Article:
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Pre-industrial to end 21st century projections of tropospheric ozone from the Atmospheric Chemistry and Climate Model Intercomparison Project (ACCMIP)

by P. J. Young, A. T. Archibald, K. W. Bowman, J.-F. Lamarque, V. Naik, D. S. Stevenson, S. Tilmes, A. Voulgarakis, O. Wild, D. Bergmann, P. Cameron-Smith, I. Cionni, W. J. Collins, S. B. Dalsøren, R. M. Doherty, V. Eyring, G. Faluvegi, L. W. Horowitz, B. Josse, Y. H. Lee, I. A. MacKenzie, T. Nagashima, D. A. Plummer, M. Righi, S. T. Rumbold, R. B. Skeie, D. T. Shindell, S. A. Strode, K. Sudo, S. Szopa, G. Zeng show all authors
Atmospheric Chemistry and Physics Discussions ()

Abstract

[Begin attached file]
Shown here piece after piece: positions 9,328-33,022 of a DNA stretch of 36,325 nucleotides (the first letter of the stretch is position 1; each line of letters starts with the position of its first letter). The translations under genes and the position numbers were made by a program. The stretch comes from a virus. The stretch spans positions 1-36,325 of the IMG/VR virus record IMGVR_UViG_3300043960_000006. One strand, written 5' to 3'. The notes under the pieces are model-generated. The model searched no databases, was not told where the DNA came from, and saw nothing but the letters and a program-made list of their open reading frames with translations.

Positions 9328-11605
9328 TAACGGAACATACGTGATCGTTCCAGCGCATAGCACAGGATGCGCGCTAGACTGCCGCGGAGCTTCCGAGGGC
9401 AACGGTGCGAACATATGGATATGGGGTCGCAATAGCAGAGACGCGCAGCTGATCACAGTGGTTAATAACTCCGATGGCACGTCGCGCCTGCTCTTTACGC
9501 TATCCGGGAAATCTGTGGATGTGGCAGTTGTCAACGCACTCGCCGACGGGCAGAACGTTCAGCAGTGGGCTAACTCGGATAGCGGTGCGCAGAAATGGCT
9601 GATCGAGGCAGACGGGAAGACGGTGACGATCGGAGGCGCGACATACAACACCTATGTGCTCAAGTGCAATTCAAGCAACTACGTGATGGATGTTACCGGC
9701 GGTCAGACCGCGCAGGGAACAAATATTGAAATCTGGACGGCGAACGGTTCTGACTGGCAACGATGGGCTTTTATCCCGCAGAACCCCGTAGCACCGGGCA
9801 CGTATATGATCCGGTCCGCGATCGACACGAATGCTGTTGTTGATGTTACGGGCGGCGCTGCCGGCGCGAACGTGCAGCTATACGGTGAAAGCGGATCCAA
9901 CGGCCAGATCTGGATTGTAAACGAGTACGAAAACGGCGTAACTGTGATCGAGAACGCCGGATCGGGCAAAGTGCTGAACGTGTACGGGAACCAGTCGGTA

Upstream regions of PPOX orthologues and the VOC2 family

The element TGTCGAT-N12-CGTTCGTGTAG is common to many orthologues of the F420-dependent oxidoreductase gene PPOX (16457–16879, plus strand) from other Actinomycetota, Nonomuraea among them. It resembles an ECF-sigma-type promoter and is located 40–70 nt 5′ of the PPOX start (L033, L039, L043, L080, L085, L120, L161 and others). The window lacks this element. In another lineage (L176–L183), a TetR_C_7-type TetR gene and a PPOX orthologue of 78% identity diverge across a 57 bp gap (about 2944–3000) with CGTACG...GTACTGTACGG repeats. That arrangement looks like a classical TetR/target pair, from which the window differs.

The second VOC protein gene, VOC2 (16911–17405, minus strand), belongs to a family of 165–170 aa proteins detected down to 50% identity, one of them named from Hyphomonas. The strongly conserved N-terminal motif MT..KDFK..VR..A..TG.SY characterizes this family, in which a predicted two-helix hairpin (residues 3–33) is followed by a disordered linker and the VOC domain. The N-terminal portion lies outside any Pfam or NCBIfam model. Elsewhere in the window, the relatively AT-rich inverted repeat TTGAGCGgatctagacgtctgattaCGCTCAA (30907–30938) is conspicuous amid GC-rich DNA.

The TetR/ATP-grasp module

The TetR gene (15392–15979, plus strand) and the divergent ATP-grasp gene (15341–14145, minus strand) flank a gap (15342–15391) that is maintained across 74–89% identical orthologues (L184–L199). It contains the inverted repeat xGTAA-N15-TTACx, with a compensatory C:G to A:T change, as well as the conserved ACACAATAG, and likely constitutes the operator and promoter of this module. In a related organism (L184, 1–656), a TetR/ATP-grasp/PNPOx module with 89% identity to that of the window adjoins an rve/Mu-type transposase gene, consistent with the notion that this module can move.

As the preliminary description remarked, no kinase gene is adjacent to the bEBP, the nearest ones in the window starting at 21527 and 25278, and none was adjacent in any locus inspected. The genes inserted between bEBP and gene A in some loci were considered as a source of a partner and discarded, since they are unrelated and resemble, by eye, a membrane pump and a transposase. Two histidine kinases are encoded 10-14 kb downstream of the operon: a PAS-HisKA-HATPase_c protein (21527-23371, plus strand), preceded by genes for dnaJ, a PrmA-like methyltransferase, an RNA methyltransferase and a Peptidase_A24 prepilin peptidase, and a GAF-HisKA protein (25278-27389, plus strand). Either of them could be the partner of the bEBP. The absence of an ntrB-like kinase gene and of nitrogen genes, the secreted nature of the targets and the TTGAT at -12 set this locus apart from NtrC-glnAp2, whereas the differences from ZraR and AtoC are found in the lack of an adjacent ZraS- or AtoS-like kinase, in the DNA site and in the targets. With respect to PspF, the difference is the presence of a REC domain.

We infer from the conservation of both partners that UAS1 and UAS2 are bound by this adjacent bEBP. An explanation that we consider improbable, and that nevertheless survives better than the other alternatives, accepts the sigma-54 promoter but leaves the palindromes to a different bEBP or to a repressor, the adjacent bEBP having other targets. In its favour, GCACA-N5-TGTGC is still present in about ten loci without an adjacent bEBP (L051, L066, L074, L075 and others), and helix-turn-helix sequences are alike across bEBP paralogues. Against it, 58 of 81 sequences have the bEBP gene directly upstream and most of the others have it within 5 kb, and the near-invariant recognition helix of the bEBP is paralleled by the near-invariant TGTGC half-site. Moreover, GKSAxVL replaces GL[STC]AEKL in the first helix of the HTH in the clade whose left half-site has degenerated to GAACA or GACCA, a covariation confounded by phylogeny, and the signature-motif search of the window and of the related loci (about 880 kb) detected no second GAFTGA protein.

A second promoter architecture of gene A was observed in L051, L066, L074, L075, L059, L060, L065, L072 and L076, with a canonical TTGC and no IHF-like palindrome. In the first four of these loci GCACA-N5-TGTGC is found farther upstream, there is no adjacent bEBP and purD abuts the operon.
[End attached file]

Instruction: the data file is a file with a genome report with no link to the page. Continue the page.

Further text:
Present day tropospheric ozone and its changes between 1850 and 2100 are considered, analysing 15 global models that participated in the Atmospheric Chemistry and Climate Model Intercomparison Project (ACCMIP). The ensemble mean compares well against present day observations. The seasonal cycle correlates well, except for some locations in the tropical upper troposphere. Most (75%) of the models are encompassed with a range of global mean tropospheric ozone column estimates from satellite data, but there is a suggestion of a high bias in the Northern Hemisphere and a low bias in the Southern Hemisphere, which could indicate deficiencies with the ozone precursor emissions. Compared to the present day ensemble mean tropospheric ozone burden of 337 +/- 23 Tg, the ensemble mean burden for 1850 time slice is similar to 30% lower. Future changes were modelled using emissions and climate projections from four Representative Concentration Pathways (RCPs). Compared to 2000, the relative changes in the ensemble mean tropospheric ozone burden in 2030 (2100) for the different RCPs are: -4% (-16%) for RCP2.6, 2% (-7%) for RCP4.5, 1% (-9%) for RCP6.0, and 7% (18%) for RCP8.5. Model agreement on the magnitude of the change is greatest for larger changes. Reductions in most precursor emissions are common across the RCPs and drive ozone decreases in all but RCP8.5, where doubled methane and a 40-150% greater stratospheric influx (estimated from a subset of models) increase ozone. While models with a high ozone burden for the present day also have high ozone burdens for the other time slices, no model consistently predicts large or small ozone changes; i.e. the magnitudes of the burdens and burden changes do not appear to be related simply, and the models are sensitive to emissions and climate changes in different ways. Spatial patterns of ozone changes are well correlated across most models, but are notably different for models without time evolving stratospheric ozone concentrations. A unified approach to ozone budget specifications and a rigorous investigation of the factors that drive tropospheric ozone is recommended to help future studies attribute ozone changes and inter-model differences more clearly.

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